Your doctor doesn’t always specifically mark what type of prescription lens you should order, but you have options and you should know about them.
Types of Prescription Lenses
There are several different prescription lens types and, within them, several subtypes of lenses. If you are shopping for prescription glasses online and you’re not sure what the different lens types are, you’re not alone. We get calls every day with customers asking us what type of lenses are appropriate for their prescription.
The different lens types are simple to understand even if the optics behind them sometimes gets very complicated. If you’re wondering what the different lens types on our web site mean, here’s what you should know:
- Single vision lenses do not contain any sort of bifocal. They are the same prescription throughout the lens, and they are most often used for distance prescriptions (although you can get them in near or reading prescriptions as well).
- Lined bifocal lenses are often referred to as FT-28 or FT-35. They have your distance prescription on top and a separate semicircular area for reading on the bottom. This is the lens most people think of when they hear the word “bifocal.” When you enter your prescription into our form, your bifocal power is often marked as “ADD” or “Addition,” and it is almost always the same for both eyes.
- FT-28 and FT-35 are describing the bifocal section itself. “FT” stands for Flat Top, which is describing the semicircle shape of the lens, which is flat on the top. The “28″ and “35″ are describing the width of the semicircle. FT-28′s are 28mm wide, and FT-35′s are 35mm wide.
- Progressive bifocal lenses have a reading area on the bottom, but your lens progressively goes from distance to reading as you go from the center of the lens to the reading area. Most bifocal wearers nowadays use these. Just as with lined bifocals, your reading strength is marked as “ADD” or “Addition” and usually is the same for both eyes.
- Your prescription will have several sections. The distance portion is marked as OD and OS (for right and left eyes, respectively) and there are three types of correction for each eye: Sphere, Cylinder, and Axis.
- Sphere is the correction for nearsightedness or farsightedness.
- Cylinder and Axis work together and correct for astigmatism.
- If you are getting a bifocal, there is a measurement called Segment Height that you may be unfamiliar with. This is the millimeter distance from the bottom of the lens to the start of the bifocal. For a lined bifocal, it is typically set at a standard height or measured from the bottom of the lens to the top of your bottom eyelid. For a progressive lens, it it typically measured from the bottom of the lens to the center of your pupil as you gaze straight ahead. Segment height is different for every frame you wear.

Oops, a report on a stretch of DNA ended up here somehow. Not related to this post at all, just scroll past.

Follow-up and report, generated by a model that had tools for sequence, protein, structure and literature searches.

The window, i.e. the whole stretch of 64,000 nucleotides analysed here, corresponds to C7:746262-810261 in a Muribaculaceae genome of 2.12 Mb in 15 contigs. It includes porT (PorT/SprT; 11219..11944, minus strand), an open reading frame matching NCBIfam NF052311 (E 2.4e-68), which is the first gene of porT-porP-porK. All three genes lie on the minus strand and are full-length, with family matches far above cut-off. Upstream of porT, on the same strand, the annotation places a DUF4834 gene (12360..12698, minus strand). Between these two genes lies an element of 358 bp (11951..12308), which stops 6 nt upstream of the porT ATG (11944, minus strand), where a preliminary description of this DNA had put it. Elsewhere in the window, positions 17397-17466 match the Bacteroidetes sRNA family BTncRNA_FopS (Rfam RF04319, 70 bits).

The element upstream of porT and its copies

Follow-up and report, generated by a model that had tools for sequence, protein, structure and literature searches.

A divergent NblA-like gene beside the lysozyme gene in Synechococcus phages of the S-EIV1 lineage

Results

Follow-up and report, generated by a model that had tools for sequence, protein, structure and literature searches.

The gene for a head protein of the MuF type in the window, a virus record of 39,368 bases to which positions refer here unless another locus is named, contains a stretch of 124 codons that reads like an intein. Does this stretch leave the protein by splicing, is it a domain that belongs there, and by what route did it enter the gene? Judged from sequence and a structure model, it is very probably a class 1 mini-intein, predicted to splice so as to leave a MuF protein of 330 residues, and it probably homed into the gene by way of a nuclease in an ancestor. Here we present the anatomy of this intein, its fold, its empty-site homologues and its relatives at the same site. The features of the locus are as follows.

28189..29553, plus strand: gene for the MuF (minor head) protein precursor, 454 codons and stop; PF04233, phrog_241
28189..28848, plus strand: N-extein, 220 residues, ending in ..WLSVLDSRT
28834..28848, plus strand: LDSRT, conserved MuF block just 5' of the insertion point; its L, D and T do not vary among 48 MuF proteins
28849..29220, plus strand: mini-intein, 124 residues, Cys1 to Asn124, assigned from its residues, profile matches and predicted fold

- Pupil Distance, or PD, is the millimeter distance from one pupil to the other. Sometimes is it marked from the center to each eye; in this case, the OD right eye is always marked first. Some doctors also mark your “distance PD” and “near PD.” This is because your PD is slightly different when you’re reading because your eyes converge, or cross, toward each other when you look at something close up, bringing your pupils a few millimeters closer together.
If you are in the market for prescription glasses, your choice of lens type should be based on what you’re going to use the glasses for. For instance, if you normally wear a progressive bifocal but need motorcycle or sports glasses, you may want to skip the bifocal and go with single vision if you don’t think you’ll be reading at all with the glasses.
Most people with bifocals have certain situations where they may get single vision because they’re ordering glasses for a specific use that will not require reading. Single vision wearers, on the other hand, do not ever go with a bifocal because there is no instance where they’d need it.
If you have any more questions about lens types, or if you’re wondering which is best for you, you can leave a comment in the comments section below, or you can call or email our customer service department. Thanks for reading, and happy shopping!